In 2004 I accepted a position at a skilled nursing facility (SNF) as a maintenance assistant. I was excited to have this new job as I felt the experience of being in an environment among senior citizens would be very rewarding. I had previously assisted the elderly and I remembered how enjoyable it was. The job however, was challenging, but I loved the work and it was a great job.
For the first 18 months I worked under a maintenance director whose favorite answer to almost all issues was “fix it,” and he would further go on to add, “I don’t care how long you take just fix it.” Well, one of those issues happened to be me constantly replacing the over-the-bed light switches. The problem was that the residents would tie the string that activated the light switch to their bed rails, electrical cords, bed sheets, stuffed animals or to anything they could reach easily due to their limited dexterity. Whenever these items were moved by the staff or sometimes by the residents themselves, they would inadvertently rip the string from the light switch damaging the switch, making it inoperable. Now the maintenance director had a problem with not just me spending the time to replace the switch but also incurring the cost to replace the damaged switches.
I did not like his solution to the problem. My boss had made a decision that all strings that were tied to bed rails, etc., be cut loose immediately. Unfortunately for me, I was instructed to carry out this unpleasant task. To this day, it remains among one of the most difficult things I have had to do. Residents begged and pleaded to me, used vulgarity, cursed me and even tried to bribe me not to cut their strings loose.
Then the company promoted me and moved me to another facility. I was now the maintenance director and the “string problem” existed here too. The strings were tied to call cords, bed rails, stuffed animals and even towels. I have further come to recognize that not only do the residents have limited physical dexterity; they also have a problem gripping the very thin strings that come with these light fittings. This is a common problem. I have seen it in every SNF I have visited. Some buildings were new and the residents had those silly strings tied to anything they could reach.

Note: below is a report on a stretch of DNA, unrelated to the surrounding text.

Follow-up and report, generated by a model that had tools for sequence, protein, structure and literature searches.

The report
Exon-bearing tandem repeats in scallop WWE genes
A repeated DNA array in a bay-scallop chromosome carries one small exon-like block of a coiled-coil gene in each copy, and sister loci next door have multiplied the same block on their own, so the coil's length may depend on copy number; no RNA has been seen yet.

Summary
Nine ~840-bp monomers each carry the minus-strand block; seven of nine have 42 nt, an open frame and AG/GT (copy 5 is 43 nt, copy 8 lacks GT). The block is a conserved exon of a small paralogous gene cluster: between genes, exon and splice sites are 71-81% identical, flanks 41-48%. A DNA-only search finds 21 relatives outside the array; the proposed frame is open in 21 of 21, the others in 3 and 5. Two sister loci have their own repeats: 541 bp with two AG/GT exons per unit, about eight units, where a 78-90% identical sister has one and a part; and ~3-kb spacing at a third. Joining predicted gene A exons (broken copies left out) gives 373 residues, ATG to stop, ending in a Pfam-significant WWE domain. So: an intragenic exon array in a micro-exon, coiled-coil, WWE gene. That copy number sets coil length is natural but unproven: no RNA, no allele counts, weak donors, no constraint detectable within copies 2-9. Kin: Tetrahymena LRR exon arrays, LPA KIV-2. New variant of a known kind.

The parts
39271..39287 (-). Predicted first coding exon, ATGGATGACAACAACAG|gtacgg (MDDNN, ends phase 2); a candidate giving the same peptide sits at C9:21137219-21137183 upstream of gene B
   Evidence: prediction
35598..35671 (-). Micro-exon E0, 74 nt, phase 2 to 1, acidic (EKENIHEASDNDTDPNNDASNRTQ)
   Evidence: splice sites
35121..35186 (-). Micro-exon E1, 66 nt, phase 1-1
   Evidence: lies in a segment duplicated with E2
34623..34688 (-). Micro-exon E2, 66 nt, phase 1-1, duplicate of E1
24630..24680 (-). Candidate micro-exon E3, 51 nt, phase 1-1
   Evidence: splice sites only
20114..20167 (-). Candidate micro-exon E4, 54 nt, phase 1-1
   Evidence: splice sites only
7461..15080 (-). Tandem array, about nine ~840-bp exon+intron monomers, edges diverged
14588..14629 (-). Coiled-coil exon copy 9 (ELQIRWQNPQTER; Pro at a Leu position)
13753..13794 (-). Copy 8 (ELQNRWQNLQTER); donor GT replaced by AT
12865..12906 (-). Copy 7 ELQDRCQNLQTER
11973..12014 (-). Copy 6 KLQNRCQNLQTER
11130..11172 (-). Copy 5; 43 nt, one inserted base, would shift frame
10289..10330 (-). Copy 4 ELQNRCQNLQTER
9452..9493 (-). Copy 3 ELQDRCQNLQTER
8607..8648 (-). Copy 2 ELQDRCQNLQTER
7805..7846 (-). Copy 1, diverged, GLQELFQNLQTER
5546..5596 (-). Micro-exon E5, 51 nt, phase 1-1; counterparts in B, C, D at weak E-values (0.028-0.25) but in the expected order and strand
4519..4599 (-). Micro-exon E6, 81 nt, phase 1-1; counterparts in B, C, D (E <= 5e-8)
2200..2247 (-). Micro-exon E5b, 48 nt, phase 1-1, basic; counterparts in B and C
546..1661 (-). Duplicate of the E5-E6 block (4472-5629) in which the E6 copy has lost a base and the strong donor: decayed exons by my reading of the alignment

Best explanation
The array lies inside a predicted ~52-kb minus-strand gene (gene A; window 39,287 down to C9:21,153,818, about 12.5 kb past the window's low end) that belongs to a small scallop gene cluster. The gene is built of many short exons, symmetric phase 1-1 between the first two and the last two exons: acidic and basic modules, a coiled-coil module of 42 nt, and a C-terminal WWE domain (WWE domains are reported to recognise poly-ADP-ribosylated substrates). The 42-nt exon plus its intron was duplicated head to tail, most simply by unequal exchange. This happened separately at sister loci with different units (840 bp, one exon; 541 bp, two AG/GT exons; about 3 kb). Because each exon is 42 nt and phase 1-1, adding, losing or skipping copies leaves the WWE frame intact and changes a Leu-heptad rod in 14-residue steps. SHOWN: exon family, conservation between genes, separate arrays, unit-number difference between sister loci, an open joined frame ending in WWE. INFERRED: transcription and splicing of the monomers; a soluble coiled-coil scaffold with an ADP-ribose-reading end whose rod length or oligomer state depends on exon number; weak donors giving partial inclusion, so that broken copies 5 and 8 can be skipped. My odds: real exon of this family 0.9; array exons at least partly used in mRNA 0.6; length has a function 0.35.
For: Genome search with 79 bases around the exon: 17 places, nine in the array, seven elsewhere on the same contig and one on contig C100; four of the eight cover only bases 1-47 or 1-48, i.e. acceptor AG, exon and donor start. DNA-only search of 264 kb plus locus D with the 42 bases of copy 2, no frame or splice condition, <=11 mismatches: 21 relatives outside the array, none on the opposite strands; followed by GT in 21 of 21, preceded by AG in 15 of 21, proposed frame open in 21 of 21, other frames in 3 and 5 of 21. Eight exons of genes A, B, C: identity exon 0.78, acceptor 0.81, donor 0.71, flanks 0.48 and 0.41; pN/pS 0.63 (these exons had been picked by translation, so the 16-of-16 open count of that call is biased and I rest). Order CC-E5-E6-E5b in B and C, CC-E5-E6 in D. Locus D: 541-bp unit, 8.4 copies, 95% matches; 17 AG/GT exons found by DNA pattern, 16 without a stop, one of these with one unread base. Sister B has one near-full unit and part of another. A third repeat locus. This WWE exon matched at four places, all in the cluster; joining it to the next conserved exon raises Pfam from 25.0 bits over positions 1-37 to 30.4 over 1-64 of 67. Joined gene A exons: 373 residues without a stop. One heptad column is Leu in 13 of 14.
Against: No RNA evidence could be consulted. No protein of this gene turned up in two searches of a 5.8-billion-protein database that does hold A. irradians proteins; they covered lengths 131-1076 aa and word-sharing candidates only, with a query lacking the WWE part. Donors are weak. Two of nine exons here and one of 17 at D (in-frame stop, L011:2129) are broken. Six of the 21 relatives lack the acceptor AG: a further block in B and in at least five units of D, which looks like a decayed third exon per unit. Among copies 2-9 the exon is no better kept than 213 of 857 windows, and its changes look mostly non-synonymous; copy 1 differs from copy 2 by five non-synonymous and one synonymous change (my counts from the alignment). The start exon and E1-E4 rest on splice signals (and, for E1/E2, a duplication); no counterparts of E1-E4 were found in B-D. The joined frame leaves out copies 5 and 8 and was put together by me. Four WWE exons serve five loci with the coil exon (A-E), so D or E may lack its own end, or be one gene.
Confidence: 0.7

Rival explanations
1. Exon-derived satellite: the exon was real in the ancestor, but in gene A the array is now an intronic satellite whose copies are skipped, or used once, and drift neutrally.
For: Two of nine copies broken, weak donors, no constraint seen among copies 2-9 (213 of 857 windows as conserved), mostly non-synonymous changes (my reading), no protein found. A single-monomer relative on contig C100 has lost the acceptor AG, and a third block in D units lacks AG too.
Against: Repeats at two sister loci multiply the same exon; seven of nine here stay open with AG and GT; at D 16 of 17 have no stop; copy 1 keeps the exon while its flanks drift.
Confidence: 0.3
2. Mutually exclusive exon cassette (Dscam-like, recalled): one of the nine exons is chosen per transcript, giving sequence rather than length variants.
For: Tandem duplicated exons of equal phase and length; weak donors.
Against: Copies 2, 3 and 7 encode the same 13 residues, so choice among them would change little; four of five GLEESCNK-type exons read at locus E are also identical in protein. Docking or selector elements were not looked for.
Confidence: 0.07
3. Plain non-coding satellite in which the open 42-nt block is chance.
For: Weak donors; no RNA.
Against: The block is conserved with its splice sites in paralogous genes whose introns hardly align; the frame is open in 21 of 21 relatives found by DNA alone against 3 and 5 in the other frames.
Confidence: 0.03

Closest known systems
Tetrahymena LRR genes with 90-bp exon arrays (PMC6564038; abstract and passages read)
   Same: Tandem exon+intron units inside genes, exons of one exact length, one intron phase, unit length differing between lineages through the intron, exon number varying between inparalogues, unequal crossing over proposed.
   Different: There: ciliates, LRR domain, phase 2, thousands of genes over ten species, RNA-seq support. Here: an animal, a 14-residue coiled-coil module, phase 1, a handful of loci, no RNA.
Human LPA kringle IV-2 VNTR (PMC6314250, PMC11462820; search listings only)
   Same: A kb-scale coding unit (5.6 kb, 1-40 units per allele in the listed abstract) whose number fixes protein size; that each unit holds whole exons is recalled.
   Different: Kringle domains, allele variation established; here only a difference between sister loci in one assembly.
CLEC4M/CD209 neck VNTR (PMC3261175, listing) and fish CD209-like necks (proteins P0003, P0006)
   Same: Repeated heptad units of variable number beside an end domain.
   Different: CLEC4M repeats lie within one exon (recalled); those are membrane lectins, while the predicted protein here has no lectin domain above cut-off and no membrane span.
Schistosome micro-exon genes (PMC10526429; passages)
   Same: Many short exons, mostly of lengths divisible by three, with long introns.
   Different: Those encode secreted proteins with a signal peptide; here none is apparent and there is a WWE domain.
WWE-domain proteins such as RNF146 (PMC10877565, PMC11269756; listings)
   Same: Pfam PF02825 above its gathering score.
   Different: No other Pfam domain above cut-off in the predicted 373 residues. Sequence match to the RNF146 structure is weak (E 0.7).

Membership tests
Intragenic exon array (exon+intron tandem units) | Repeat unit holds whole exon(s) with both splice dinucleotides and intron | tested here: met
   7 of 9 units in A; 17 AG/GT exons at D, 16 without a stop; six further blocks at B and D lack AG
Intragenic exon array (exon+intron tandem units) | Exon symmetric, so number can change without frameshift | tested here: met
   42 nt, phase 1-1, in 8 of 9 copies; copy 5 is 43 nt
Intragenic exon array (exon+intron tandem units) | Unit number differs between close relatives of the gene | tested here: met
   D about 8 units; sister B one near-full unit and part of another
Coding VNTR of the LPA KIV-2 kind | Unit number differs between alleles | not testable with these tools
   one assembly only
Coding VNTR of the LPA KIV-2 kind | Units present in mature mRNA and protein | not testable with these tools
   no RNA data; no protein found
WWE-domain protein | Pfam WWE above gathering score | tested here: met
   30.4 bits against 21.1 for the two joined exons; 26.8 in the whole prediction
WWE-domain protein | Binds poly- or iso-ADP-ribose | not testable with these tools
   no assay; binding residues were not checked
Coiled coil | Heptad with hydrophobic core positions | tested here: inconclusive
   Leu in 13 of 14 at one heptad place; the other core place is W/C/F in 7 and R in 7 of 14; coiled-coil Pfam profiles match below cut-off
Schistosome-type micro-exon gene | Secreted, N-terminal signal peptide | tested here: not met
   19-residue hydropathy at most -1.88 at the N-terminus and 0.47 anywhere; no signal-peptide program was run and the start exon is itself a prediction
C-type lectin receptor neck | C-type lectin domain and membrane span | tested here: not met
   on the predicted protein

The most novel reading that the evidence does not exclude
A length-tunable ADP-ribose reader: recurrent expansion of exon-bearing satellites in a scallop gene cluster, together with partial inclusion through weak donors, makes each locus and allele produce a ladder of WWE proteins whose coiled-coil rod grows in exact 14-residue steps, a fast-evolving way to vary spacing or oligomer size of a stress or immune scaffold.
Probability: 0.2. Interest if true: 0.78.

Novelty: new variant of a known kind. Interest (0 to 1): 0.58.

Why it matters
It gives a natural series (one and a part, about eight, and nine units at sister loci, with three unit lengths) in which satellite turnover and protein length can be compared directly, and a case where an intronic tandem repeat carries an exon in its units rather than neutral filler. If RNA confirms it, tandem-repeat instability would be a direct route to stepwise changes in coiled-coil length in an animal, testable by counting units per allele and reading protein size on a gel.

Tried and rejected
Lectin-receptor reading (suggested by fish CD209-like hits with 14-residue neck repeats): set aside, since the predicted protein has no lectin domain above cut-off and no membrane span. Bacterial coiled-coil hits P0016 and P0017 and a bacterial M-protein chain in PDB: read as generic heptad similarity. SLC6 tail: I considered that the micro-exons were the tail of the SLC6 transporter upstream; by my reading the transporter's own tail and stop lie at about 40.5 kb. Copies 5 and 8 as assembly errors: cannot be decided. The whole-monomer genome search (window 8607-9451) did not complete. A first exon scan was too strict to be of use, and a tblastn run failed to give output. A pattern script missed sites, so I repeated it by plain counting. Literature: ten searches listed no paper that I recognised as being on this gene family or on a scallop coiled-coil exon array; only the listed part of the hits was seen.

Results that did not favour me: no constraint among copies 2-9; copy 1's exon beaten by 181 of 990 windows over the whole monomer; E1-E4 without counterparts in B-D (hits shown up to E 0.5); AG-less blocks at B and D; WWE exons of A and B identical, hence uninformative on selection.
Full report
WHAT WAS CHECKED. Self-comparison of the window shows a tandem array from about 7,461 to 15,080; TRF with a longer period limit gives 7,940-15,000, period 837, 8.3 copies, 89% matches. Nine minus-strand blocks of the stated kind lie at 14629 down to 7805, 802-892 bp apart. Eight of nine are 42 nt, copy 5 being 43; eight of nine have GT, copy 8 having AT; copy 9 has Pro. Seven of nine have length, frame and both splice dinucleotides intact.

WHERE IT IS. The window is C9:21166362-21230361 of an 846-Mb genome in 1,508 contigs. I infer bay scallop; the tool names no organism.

I had an idea and a friend of mine and I fabricated a bracket. We installed the bracket to the reading light in the nursing home and it WORKED!!!!. We then had a tooling company build 10 of the brackets and I installed some of them in my building. The residents loved them. The first resident that got a bracket for her light was Mrs. Pittman. I asked Mrs. Pittman to tell me in her own words what she thinks about the bracket. These are her words:
The new overhead light switch is great. It is easy to reach from my bed and to locate. The chain is a whole lot better than the string as it is clean and doesn’t wrap around anything. Just pull the chain and the light is there. Sure looks nice the way it is put up. Thanks so much.
I installed five more brackets after that and everyone thought they were great. When a resident would move to another room that didn’t have a bracket they would ask me to move the bracket to the new room. Family members would ask me if I could put one in their loved ones room. I even had a resident that intentionally kept breaking her light string in the hopes of us putting a bracket in her room. Unfortunately, my resources were limited. We only had 10 units. The residents that had a bracket in their room told me there is no way they could reach their light string without it. I’ve also been told by the residents how nice and clean they are.
I have since talked to nursing home owners, CEOs, administrators, designers, architects, builders and even the Department of Aging and Disability. Everyone thinks it is a great idea, but nobody wants to do anything about it. In the four years I have worked in SNFs, I have come to understand how things work or how the “game is played.” Things change only if the guidelines, rules or the code dictates it. The phrase, “we will wait for the state to write it up then we will fix it,” is commonplace in our business. In other words, we’re not going to spend any money until we have too. I think that is exactly the same mindset I’m seeing with this problem. Nobody wants to spend the money to address the problem until they have to. In the meantime the residents are the ones that are doing without.
The Texas Administrative Code, Title 40 Part 1 Ch. 19 Subch D Rule 19.334(a)(6) states:
Each room must have general lighting, bed reading light, and night light. …. A durable nonglare (opaque front panel) reading light securely ancored to the wall, integtrally wired, must be provided for each resident bed. The switch must be within reach of the resident in the bed.
I would venture to say that more than 80% of SNF residents cannot reach their switch from their bed.
Eric E. Smith is director of maintenance at the Winters Park Assisted Living and Memory Care in Garland, TX. For more information about the product, contact Smith at (682) 225-9535 or at [email protected]